Gonzalez, Justo L. The Story of Christianity: The Early Church to the Reformation. Revised and Updated ed. Vol. 1. New York: HarperCollins, 2010. Kindle Electronic Edition.
Ch. 31, “The Offensive Against Islam” Loc. 6026-6221.
The Crusades were waged out of a desire to take back areas which had been overcome by Islam through military force. Though the Crusades did briefly liberate Constantinople and bring a brief period of a united East and West in the Church, the results were temporary (Gonzalez 2010, Loc. 6034).
The first crusade, launched in 1095 but Urban II, sought to take back the Holy Land from the Turks (Gonzalez 2010, Loc. 6056). The forces were not well governed and tended to engage in conflicts as they moved through allegedly friendly territory. After taking Nicea, then Antioch with great difficulty, they moved by June 1099 to Jerusalem (Gonzalez 2010, Loc. 6084). The city fell in chaos on July 15, 1099 (Gonzalez 2010, Loc. 6094). While many of the Crusaders then left, there were frequent small armed forces coming from Europe to provide support (Gonzalez 2010, Loc. 6105). These movements had less centralized organization.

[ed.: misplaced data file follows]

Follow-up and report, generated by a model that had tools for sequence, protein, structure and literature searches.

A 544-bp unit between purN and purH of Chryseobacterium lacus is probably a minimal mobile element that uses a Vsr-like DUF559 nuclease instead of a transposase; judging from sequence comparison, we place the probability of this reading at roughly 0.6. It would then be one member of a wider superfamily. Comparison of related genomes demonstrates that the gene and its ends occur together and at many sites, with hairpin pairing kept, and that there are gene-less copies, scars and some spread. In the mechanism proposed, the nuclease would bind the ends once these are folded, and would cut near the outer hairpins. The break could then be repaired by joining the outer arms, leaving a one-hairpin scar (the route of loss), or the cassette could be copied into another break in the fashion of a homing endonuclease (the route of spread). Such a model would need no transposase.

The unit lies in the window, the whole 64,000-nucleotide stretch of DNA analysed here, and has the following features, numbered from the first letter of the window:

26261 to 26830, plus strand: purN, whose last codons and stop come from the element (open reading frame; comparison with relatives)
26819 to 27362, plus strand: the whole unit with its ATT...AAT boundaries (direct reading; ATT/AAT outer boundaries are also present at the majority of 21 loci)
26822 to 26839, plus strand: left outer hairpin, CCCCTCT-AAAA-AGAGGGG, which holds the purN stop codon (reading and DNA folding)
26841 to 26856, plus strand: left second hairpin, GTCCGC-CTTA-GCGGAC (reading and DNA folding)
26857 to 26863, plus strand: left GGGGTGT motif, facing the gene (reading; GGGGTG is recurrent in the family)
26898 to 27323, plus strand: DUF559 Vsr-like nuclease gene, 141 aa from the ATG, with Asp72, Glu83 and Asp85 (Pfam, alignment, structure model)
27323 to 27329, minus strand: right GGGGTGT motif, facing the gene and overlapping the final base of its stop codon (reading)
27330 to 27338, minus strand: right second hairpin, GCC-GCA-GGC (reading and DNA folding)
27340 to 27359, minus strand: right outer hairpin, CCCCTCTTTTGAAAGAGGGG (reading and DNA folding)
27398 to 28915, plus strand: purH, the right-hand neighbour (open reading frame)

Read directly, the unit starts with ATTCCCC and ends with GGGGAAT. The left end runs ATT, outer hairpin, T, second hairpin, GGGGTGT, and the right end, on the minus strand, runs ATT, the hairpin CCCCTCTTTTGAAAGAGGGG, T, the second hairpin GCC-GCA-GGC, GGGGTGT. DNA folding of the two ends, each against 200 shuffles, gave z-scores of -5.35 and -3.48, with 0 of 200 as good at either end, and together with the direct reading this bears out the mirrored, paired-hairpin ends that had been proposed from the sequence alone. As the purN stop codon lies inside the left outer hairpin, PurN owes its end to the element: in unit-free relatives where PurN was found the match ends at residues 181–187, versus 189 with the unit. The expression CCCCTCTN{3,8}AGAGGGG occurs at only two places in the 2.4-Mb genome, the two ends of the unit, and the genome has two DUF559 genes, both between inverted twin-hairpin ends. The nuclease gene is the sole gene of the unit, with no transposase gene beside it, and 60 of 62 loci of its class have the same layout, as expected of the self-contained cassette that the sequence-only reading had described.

A second crusade came after the fall of Edessa in 1144. Nearly 200,000 troops were repeatedly defeated before disbanding (Gonzalez 2010, Loc. 6116). A third was launched after the fall of Jerusalem in 1187. This one too accomplished little (Gonzalez 2010, Loc. 6127). A fourth crusade resulted in a new Latin emperor in Constantinople, followed by disputes between East and West in the Church (Gonzalez 2010, Loc. 6137). A fifth then sixth crusade sought and eventually captured Jerusalem, then by 1270 a seventh crusade resulted in the imprisonment and death of Louis IX of France (Gonzalez 2010, Loc. 6147).
In connection with the various Crusades Gonzalez discusses the Spanish Reconquista, an attempt to take Spain back from the Muslim invasions of the 8th century (Gonzalez 2010, Loc. 6147). By this time in many areas there were family alliances between Christians and Muslims. Due to various revolts the Caliphate was losing power in Spain in the 11th century (Gonzalez 2010, Loc. 6168). Christian forces took back the territory, mostly during the 13th century (Gonzalez 2010, Loc. 6168).
Much of the outcome of the Crusades was embodied in mistrust between Islam and Christianity as well as between East and West (Gonzalez 2010, Loc. 6179). There also developed a greater emphasis on relics, monastic and military orders, and pilgrimages (Gonzalez 2010, Loc. 6188). The Church tended to be more free in endorsing military action. Also a greater interest in philosophy and theology from foreign lands developed (Gonzalez 2010, Loc. 6198).